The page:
“I thought the house would be empty, but this looks as though someone just stepped outside.” [Are these Alexis’ thoughts or did she just say this out loud? Just asking.]
She placed the paper back on the desk and left the room.  As she explored the downstairs area, she found a breezeway and followed it to an enormous kitchen.  Her mouth gaping open, she turned around in circles, trying to take it all in at once.  It was a harmonious blend of history and the modern day.  Set into the wall to her left was a huge stone fireplace, still containing the cauldron one might expect to see in a castle in medieval Europe.  The old semi-circular ovens used by the original inhabitants of the house were also still there, but their modern counterparts were set into the opposite wall.  A large island counter with two ranges dominated the center of the room, with copper pots and pans hanging over it.
“This is huge.  You could prepare a meal for an army in here.” [For some reason her speaking her thoughts out loud is jarring to me] 
A century and a half and the house looked as if the previous owners would return any minute.  The house was a moment frozen in time.  What would that moment tell her about its inhabitants?
“It seems so odd to realize no one has lived here for such a long time.  The way it looks, you’d think someone had just stepped outside.  I could move in right away.  Mark told me the caretaker and his wife have kept the house up inside and out, but he didn’t tell me about all the stuff left behind.”
She left the kitchen and decided to explore the main upstairs first, and save the two wings for another time.  She paused on the staircase as a tickling sensation crept across the back of her neck.  Her heart constricted and she took a deep breath.  She turned around and looked back down into the foyer, expecting to see someone watching her, but there was no one.  She looked back up to the top of the stairs, where old family portraits hung on the wall, and she laughed nervously.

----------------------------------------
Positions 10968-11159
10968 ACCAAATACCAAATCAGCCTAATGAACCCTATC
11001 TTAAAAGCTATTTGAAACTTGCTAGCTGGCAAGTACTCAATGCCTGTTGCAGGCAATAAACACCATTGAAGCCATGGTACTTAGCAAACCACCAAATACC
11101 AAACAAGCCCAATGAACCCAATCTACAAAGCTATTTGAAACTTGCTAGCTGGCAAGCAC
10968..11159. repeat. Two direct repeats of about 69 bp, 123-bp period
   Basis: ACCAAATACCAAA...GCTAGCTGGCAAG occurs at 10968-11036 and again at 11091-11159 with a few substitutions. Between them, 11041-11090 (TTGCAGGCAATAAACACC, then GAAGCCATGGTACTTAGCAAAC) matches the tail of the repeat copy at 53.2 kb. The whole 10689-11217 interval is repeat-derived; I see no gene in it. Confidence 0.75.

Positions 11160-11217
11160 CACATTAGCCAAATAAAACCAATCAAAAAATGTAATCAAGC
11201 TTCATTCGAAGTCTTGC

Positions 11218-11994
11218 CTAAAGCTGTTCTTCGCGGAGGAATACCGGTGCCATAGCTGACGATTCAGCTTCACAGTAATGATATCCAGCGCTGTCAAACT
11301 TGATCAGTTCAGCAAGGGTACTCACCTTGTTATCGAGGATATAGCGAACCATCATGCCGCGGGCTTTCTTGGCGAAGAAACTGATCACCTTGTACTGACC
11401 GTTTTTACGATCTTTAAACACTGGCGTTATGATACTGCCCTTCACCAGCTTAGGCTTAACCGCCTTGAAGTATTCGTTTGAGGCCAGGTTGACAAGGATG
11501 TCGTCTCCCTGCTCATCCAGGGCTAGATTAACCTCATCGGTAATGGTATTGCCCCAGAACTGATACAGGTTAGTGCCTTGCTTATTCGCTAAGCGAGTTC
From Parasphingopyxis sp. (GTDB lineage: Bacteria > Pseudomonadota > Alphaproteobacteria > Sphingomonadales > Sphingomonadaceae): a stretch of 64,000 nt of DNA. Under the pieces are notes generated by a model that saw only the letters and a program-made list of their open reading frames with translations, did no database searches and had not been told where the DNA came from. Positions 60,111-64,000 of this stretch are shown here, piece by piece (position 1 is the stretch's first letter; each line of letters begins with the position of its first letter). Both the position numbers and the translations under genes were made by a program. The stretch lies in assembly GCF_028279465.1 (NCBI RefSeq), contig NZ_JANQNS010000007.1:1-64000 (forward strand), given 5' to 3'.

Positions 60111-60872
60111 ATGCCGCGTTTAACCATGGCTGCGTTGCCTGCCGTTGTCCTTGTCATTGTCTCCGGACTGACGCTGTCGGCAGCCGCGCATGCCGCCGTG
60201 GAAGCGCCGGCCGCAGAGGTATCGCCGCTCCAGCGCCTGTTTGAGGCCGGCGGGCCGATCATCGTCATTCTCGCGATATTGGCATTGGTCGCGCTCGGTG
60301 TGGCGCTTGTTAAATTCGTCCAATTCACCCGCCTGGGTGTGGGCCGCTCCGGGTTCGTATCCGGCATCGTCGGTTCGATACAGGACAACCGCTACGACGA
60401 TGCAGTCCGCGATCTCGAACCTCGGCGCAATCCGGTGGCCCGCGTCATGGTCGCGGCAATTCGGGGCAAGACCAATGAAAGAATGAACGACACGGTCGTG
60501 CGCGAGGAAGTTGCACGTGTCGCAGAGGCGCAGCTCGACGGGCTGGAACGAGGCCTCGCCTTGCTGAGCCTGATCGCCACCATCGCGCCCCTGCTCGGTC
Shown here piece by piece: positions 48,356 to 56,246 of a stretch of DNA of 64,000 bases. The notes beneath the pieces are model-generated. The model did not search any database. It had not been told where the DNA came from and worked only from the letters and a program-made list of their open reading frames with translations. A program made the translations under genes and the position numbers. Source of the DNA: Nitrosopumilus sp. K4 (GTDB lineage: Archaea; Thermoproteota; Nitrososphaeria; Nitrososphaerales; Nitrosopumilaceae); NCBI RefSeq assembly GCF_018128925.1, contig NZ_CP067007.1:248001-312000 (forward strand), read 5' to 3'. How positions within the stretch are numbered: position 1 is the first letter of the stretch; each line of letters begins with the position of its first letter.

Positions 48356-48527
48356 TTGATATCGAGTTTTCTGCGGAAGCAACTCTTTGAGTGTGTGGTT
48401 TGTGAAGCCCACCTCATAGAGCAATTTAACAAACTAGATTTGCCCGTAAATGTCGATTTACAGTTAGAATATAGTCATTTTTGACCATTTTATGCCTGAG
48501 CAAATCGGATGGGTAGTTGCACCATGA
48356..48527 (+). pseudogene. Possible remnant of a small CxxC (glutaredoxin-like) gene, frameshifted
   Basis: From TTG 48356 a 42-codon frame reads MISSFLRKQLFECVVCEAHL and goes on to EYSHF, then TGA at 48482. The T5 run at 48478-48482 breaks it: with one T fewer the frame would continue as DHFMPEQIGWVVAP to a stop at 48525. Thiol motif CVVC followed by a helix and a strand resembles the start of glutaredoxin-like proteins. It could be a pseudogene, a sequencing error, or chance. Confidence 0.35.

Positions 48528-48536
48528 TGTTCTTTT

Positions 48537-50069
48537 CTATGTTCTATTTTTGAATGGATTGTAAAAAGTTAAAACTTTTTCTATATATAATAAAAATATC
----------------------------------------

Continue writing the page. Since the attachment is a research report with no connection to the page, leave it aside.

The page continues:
My thoughts: How do you live somewhere most of your life and not know the local haunted house belongs to your family? What a perfect way to connect the past with the present and make the prologue relevant. Nicely done. Bonus? There's a haunted house and I love a haunted house story! The description of the house was also excellent and I got a vivid picture in my mind of that entry. The only thing that bothered me was Alexis talking out loud to herself. I may be alone in this and if so, readers, do speak up! But I think I would try to incorporate Alexis words into her observations, have her think that the kitchen is large enough to feed an army and how odd it was that no one had lived in the house for so long, and that she could move in right away if she wanted...You get the idea. But, again, that's just me and maybe Alexis is the sort of person who talks out loud to herself. Regardless, I can't wait to see what else Alexis is going to find :)

Readers, I hope you'll chime in on this first part of Chapter One, KISSES FROM YESTERDAY. Tomorrow, I'll be back with more.

Monday, July 27, 2015

First Chapter Critique - Kisses From Yesterday

This week I have a first chapter crit for you all, which I will post over the course of this week. A big thank you to Angi Kelly who submitted the prologue and first chapter of her Adult Urban Fantasy, KISSES FROM YESTERDAY.


Nashville, Georgia